Got a question for Urban Overalls? Or a cold frame tip of your own to share? Post it below and keep the conversation rolling. You might also be interested in the Raised Beds 101 and Anne’s Self-Watering Container 101. If you’re looking for more on season extension, check out the Fall Planting 101, Winter Planting 101, and Hoop Houses 101. When (or if) you do pack it in for the year, be sure to give the Garden Winterizing 101 an ogle. For year-round gardening tips, check out the Selecting Seeds 101, the Garden Planning 101, and Karin’s Companion Planting 101. And don't miss Urban Overalls' Green Tomato Wine 101. You can always find more things to plant, grow, cook, preserve, make, craft, and saw in the HOMEGROWN 101 library

PHOTOS: (TOP AND BOTTOM) LEONARD VASSALLO; (MIDDLE THREE) URBAN OVERALLS

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Just a few suggestions -

If you can find glass shower doors, they are made of safety glass, and if they break, it is less likely to cause harm.

you should also provide means for holding the door securely, whether it is closed, open, or venting, in order to prevent damage from the wind. The outside edges should be banked so that there is no access for animals or insects, and the sides should be low enough to access the interior easily. Finally, the wood in contact with the soil should be rot resistant, such as cedar or locust or redwood, or else easily replaced - it will only last a few years before the integrity is compromised.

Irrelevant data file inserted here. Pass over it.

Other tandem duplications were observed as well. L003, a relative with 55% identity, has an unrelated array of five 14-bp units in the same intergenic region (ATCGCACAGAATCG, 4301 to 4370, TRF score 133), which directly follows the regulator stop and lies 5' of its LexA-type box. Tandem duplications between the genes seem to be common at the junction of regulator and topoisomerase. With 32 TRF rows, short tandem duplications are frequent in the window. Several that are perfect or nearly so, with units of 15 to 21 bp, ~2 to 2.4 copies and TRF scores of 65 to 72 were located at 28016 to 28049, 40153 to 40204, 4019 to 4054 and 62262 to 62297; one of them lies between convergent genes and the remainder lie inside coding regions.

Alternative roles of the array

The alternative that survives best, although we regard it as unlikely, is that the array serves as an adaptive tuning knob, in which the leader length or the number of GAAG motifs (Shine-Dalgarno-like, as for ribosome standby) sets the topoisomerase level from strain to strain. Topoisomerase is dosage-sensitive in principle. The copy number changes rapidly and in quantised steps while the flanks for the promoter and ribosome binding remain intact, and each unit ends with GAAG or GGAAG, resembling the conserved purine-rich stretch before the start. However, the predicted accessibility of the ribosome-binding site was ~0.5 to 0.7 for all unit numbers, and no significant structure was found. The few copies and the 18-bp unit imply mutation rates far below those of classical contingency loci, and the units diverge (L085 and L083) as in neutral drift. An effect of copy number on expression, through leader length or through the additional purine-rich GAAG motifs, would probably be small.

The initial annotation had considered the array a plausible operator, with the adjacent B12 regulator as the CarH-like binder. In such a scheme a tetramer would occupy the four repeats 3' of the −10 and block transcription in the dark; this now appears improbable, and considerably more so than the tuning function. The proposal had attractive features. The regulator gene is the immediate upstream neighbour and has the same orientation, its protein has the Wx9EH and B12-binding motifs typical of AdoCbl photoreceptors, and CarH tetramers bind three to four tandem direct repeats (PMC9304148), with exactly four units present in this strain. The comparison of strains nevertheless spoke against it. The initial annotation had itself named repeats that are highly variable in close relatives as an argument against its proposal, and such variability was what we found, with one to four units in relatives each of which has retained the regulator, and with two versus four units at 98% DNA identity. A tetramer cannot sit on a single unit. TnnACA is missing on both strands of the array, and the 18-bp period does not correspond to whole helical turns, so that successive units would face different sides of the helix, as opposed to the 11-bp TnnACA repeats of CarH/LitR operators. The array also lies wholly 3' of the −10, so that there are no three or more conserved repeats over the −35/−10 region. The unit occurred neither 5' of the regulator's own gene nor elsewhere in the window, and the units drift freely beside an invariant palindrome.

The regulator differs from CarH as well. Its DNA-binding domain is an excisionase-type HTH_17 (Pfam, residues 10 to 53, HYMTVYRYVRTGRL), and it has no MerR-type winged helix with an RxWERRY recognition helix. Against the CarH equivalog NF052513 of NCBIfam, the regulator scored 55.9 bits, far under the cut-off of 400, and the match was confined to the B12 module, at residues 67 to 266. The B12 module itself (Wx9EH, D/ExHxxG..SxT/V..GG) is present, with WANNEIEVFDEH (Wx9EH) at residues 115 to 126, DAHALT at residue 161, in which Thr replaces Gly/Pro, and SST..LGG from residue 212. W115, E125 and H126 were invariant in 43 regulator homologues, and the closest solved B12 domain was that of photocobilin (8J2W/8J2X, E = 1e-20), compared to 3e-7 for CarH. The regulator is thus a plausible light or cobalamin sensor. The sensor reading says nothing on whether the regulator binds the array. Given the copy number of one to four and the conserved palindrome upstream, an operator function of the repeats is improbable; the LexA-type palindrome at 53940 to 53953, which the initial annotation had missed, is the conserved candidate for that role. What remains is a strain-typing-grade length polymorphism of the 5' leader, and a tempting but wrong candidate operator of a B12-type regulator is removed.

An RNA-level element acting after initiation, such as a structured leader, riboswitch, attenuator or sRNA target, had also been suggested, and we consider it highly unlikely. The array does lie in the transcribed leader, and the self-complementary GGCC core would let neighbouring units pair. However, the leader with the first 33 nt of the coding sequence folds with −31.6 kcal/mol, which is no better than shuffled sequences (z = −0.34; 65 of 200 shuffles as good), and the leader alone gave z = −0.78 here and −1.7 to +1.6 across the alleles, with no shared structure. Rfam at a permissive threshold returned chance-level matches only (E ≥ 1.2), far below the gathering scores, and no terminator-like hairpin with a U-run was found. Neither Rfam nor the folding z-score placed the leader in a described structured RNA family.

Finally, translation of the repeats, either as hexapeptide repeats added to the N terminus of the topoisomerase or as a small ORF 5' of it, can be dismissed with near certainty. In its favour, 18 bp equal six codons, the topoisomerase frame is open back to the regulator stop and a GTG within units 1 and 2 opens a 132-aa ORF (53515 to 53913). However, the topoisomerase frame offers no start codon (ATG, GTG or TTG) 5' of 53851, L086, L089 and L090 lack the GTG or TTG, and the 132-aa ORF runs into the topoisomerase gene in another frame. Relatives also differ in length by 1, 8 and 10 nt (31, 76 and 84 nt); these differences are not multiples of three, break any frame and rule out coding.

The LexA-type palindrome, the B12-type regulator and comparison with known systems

I use old or warped exterior doors (R14 insulation in exterior doors) for the front and back and old aluminum storm doors for the top. You can see from the above photo that the storm door fits neatly into the space without cutting. The ends are made from steel door cutouts that have been removed from the exterior door slab to allow a window to be installed.

I love the idea of using old doors and windows...just be careful about lead content in old paint and line the inside for edibles...

in our area lead paint is also an issue on many of the homes.  Home Depot or Lowes both sell tiny lead paint testers.  I think they are relatively inexpensive and will let you know if there is lead in the paint on any window you might find

Linda Turner said:

I love the idea of using old doors and windows...just be careful about lead content in old paint and line the inside for edibles...